Even though he hasn’t appeared in Metal Gear game since 2008, Solid Snake has remained the face of the franchise even in the face of Big Boss gradually stealing the spotlight away from his son. It’s really not hard to see why all things considered. Big Boss may be more recent and culturally relevant, but Solid Snake was the face of the series for four straight games and generally starred in games of a higher quality. Snake Eater is considered the gold standard for Metal Gear, but MG2, MGS1, and MGS2 are three of the strongest games in the series alongside it. The same simply can’t be said for Portable Ops, Peace Walker, or Ground Zeroes.
Perhaps what makes Solid Snake all the more interesting when compared to his father is that he’s a far more compelling character on a conceptual level. Solid Snake is a clone who was raised from birth to be a soldier. He should be superhuman by all accounts, but his body was designed, in many ways, to ultimately fail him. Solid Snake is a time bomb and he knows this. It shapes him into the man he becomes by the end of Metal Gear Solid 4 and paints a portrait of a sad soldier who was forced into a very specific lifestyle.
Despite sharing several physical and biological similarities with Big Boss, Solid Snake wasn’t a test tube baby. Rather, EVA carried him in her womb for nine months like a proper baby. His DNA was augmented to emulate Big Boss’ soldier genes, but that’s essentially it. There are physical and biological differences between the two. They may not be apparent, but they are there. This doesn’t mean Snake isn’t a clone, but he’s more of a son than the series lets on.
Shorthand is one of the most important tools in storytelling as it can convey a great deal of information relatively fast without bogging down the audience with exposition. What does this have to do with Solid Snake’s body, though? Simple, Metal Gear Solid’s shorthand can be used to determine Snake is the younger twin brother when it comes to his relationship with Liquid.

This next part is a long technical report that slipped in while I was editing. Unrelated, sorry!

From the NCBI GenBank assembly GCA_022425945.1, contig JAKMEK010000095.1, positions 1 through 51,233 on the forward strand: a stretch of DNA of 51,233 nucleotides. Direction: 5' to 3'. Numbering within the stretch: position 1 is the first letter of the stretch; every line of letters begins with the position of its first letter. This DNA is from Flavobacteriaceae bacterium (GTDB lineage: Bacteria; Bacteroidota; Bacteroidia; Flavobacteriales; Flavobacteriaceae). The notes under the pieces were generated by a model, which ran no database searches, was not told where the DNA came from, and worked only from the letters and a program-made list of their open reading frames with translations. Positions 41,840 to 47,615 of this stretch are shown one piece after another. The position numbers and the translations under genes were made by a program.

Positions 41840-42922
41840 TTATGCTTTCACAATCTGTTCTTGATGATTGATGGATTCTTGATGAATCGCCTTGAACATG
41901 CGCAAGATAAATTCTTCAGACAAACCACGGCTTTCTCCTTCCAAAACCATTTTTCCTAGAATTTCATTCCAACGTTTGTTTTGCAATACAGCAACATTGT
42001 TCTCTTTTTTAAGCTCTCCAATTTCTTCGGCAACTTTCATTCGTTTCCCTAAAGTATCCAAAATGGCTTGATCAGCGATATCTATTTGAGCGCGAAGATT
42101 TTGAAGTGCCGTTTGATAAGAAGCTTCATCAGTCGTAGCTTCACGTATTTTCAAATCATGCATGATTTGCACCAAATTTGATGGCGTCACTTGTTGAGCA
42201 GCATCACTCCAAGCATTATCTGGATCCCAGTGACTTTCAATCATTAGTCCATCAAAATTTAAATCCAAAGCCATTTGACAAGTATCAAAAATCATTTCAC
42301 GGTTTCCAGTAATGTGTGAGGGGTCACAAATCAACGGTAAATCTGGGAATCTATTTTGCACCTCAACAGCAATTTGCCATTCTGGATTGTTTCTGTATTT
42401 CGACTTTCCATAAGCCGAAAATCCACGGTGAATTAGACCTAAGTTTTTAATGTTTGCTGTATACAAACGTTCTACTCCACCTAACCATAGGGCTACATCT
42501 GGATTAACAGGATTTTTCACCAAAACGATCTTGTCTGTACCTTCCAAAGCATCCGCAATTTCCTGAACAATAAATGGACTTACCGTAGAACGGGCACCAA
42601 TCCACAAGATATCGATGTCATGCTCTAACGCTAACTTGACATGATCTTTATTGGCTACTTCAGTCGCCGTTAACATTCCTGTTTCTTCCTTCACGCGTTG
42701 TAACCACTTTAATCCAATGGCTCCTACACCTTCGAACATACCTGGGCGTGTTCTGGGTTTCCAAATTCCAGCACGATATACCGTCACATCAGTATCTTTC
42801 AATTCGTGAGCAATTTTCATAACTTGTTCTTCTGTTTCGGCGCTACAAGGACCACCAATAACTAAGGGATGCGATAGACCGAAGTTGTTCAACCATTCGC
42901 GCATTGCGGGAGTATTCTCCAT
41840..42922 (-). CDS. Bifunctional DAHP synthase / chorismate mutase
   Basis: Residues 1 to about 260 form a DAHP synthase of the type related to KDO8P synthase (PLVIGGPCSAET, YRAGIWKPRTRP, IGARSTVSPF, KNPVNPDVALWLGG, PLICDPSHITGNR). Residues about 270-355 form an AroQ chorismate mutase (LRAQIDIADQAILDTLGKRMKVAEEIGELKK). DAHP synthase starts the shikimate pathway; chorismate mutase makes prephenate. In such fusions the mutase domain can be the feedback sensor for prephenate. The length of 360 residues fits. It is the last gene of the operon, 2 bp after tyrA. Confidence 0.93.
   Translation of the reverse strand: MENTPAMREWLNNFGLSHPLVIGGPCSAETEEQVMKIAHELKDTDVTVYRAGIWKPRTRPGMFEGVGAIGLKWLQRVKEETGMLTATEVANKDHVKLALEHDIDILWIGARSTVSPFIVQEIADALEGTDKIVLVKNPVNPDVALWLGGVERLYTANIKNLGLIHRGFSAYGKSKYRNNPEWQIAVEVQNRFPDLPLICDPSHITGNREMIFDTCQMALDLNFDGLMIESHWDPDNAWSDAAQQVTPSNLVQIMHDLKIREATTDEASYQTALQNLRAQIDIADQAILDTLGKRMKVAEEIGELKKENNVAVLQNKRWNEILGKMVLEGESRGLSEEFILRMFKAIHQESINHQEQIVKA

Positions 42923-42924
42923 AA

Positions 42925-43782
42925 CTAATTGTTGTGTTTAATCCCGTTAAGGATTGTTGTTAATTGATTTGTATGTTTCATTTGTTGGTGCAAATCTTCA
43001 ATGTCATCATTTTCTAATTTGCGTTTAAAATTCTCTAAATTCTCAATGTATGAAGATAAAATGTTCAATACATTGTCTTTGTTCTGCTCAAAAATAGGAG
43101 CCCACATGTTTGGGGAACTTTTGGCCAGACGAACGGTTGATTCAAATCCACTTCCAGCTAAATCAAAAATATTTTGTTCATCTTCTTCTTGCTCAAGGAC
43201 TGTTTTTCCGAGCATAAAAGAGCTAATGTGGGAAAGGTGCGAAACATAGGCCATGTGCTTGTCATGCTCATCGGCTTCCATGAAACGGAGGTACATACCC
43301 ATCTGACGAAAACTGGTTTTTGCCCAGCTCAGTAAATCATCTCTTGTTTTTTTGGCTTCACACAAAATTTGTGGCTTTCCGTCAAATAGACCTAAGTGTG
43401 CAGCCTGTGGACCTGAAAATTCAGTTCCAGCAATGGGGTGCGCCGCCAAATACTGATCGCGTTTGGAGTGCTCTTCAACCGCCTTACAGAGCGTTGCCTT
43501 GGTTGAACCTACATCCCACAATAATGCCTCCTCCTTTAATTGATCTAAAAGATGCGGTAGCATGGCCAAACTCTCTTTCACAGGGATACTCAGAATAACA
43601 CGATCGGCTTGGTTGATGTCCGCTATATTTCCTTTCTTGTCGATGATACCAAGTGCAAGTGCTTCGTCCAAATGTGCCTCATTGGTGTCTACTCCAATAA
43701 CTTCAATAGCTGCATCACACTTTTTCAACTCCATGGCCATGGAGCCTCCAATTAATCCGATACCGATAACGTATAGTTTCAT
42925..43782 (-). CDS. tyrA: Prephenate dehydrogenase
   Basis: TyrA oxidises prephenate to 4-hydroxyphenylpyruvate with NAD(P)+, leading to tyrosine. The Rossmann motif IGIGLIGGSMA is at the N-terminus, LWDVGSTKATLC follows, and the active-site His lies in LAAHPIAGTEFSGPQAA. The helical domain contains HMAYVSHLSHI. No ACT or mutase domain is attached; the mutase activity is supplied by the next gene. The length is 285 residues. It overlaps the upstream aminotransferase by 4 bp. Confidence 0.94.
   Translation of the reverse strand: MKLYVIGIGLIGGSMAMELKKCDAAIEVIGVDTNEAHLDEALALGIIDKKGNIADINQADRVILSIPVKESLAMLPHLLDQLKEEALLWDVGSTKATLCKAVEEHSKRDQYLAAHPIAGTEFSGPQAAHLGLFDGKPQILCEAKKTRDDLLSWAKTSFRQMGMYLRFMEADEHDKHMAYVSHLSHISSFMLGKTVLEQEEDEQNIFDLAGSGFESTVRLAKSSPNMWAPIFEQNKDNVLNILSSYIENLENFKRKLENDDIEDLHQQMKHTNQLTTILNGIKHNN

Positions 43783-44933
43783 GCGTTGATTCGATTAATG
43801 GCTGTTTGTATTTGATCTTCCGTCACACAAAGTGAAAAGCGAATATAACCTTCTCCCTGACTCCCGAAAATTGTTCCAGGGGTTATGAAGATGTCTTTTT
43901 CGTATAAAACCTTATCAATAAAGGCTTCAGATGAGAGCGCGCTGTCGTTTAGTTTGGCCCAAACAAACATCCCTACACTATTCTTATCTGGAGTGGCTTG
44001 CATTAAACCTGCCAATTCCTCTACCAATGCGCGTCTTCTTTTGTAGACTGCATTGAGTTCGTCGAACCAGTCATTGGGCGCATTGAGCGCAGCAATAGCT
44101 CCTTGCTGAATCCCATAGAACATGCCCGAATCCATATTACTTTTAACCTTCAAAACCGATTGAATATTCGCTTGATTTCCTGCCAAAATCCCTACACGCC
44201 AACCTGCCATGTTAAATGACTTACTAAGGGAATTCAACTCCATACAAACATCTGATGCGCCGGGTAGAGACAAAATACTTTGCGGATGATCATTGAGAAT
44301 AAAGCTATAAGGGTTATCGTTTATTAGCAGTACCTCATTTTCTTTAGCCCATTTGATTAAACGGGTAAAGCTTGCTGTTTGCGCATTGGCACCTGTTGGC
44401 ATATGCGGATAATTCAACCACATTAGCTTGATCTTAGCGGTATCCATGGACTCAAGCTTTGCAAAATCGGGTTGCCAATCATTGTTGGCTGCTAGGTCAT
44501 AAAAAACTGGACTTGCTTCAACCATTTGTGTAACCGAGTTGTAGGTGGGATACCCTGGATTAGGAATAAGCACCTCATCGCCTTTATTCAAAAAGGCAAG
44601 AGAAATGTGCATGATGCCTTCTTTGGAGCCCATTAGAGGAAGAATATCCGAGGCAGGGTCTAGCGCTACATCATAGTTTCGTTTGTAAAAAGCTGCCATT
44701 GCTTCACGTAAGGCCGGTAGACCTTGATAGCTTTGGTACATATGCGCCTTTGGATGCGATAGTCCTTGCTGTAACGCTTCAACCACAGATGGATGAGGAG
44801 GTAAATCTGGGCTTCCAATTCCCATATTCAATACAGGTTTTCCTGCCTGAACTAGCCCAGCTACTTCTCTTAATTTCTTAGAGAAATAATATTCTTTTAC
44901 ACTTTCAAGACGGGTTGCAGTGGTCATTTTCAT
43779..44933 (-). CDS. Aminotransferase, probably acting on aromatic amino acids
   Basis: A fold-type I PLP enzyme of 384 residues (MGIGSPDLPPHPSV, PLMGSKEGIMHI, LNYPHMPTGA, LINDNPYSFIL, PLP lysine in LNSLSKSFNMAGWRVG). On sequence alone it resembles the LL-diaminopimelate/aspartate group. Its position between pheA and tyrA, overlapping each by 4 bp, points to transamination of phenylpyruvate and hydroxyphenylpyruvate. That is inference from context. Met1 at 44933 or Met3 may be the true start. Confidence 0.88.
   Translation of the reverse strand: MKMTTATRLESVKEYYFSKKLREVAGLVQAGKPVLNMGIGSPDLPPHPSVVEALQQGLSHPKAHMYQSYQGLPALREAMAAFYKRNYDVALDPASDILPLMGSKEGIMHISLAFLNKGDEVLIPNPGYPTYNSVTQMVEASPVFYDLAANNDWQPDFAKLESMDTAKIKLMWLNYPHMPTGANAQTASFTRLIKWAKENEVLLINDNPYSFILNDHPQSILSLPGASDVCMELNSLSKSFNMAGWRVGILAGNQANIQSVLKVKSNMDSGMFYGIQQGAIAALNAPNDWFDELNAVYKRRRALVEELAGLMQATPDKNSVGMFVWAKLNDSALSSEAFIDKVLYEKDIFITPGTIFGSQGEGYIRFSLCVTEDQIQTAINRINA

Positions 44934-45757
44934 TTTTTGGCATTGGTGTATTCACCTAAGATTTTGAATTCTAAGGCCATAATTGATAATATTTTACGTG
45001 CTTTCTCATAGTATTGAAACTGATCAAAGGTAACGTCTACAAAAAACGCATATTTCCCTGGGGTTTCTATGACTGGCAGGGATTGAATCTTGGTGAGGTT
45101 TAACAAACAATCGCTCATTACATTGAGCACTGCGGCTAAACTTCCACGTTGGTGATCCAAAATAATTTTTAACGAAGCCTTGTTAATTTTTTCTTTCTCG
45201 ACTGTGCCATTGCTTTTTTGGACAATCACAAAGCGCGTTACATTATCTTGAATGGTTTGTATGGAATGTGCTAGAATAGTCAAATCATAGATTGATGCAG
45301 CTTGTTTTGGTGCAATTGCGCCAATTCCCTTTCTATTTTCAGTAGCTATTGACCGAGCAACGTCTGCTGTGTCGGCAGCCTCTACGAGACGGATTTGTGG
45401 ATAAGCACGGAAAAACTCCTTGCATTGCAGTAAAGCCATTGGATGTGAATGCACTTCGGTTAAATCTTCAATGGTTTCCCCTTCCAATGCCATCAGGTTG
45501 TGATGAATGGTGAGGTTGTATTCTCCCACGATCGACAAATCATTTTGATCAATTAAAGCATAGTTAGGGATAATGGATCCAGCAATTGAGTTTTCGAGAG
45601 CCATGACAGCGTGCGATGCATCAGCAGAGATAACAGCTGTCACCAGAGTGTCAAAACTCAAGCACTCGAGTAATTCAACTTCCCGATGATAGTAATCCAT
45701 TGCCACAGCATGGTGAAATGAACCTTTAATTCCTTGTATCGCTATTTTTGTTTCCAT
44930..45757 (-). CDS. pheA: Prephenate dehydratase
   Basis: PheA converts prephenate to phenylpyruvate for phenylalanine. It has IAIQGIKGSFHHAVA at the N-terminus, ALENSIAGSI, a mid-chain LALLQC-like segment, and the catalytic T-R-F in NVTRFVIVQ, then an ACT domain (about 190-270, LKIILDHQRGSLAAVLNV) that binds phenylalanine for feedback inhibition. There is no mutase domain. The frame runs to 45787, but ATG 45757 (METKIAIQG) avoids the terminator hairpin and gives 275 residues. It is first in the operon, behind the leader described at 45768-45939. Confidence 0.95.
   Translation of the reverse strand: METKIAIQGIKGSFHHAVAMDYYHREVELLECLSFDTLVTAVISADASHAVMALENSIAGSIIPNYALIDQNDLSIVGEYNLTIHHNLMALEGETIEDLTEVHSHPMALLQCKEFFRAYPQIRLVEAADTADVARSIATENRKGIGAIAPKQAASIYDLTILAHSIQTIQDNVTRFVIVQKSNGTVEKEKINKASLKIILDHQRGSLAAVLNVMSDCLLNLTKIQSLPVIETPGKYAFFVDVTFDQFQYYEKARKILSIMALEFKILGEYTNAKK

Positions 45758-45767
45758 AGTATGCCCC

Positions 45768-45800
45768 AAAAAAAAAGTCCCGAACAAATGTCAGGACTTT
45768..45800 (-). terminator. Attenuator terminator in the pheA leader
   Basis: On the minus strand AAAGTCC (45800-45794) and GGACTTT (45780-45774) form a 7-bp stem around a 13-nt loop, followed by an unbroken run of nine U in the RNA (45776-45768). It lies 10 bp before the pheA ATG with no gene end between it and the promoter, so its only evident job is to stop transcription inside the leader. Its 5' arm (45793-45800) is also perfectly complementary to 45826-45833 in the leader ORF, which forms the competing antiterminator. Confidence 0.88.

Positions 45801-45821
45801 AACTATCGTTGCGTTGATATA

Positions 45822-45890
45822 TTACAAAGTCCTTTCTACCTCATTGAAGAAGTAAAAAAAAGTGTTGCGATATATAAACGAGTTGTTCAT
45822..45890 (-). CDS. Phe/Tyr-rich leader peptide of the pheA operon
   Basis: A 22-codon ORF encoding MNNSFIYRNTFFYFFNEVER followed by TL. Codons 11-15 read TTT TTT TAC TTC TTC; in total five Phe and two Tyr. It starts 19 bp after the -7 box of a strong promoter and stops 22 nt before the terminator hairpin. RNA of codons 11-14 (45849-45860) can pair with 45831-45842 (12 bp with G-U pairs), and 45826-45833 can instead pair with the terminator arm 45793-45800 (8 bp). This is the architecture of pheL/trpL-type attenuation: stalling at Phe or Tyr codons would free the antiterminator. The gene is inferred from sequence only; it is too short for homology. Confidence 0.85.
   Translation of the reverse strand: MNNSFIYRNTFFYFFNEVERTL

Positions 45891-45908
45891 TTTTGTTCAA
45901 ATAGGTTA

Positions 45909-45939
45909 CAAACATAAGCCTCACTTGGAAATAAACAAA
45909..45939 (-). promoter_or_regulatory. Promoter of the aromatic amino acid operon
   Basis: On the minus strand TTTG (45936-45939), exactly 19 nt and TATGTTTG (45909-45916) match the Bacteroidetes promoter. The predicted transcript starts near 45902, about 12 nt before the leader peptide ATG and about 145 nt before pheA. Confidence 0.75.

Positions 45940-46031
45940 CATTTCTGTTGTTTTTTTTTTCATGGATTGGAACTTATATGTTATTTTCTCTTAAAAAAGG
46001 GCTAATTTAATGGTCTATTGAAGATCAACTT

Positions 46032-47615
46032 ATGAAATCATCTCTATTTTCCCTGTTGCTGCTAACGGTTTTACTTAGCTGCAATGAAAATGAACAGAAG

Siblings never get along at this age.
To be a bit more specific, shorthand capitalizes on information the audience is likely to have to push across a point. In media, a pair of siblings will typically be depicted as such: the younger being reactionary and the older being provocative. Liquid spends most of MGS provoking Snake while Snake reacts. This is a form of shorthand and lends itself to the idea that Snake is younger. If only for a few minutes.
Even though the series never slows down to focus on it, the fact Snake can’t reproduce is quite sad in a sense. This is a man who clearly wants to pass on his legacy as evidenced by Metal Gear Solid 2, and he’ll never get a chance to do so on a biological level. What’s particularly interesting about Snake’s inability to reproduce is the fact that he was designed that way.
When he was still just an idea in the minds of those in charge of the LET Project, the plan was to make sure Big Boss’ genes couldn’t be passed on through biological means. Snake was always meant to be a temporary weapon and that meant snipping his ability to reproduce at conception. He was designed to be one and done.